Our Philosophy on leg pain

When pain extends from the spine into the lower limb the patient wants to know what causes it and can it be fixed. Is it arthritis? Is it a muscle problem? Is it spinal?

It is usually possible to determine what causes it and how to fix it.

Strictly speaking, the leg is that part of the lower limb between the knee and the foot but popular usage has it as that part below the hip (the lower limb).

Sciatica is pain running from the buttock to the thigh, then to the leg and into the foot associated with numbness and pins and needles (paresthesia). The distribution of the pain tells us which nerve is being compressed - see picture.

Pain running down the front of the thigh to the knee or even into the shin (Medial tibia / leg bone) is called femoratica and involves nerves higher in the spine (the upper lumbar nerves, first, second, third and fourth lumbar nerves). More common in older patients, often severe, often due to a disc prolapse extending out to the side, but usually resolving within two months. Only occasionally do these recur.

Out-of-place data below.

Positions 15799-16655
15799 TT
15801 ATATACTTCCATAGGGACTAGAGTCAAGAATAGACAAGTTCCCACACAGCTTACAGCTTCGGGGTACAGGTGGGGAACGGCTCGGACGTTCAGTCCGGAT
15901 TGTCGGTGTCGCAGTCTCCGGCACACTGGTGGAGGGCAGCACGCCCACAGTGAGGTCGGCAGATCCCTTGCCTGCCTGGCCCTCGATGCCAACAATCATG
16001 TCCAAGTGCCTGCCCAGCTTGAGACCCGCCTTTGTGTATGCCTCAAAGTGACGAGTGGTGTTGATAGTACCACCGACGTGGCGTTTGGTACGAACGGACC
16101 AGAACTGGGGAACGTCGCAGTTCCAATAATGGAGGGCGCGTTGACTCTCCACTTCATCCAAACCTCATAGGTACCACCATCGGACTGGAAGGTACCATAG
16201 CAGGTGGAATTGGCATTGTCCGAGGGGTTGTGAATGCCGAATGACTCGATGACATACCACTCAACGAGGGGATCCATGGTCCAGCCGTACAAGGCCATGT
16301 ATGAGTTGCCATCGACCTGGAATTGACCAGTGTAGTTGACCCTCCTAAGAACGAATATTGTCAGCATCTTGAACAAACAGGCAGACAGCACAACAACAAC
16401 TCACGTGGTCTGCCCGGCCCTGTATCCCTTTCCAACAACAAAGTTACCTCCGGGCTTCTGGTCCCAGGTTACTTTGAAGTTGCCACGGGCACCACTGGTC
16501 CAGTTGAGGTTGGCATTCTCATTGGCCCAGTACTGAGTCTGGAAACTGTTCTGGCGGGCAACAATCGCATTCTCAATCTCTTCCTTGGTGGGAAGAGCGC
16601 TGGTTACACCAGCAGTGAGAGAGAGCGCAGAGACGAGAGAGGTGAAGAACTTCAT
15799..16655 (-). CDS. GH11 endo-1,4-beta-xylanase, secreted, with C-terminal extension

When patients present with pain in the "leg” they know it hurts, not what causes it and it is our job to determine whether it is a spinal or non-spinal problem, such as a hip or knee joint problem or due to arterial disease or a muscle strain, and if it is a spinal problem is it due to compression of a nerve or is it referred from a disc or joint or other tissue.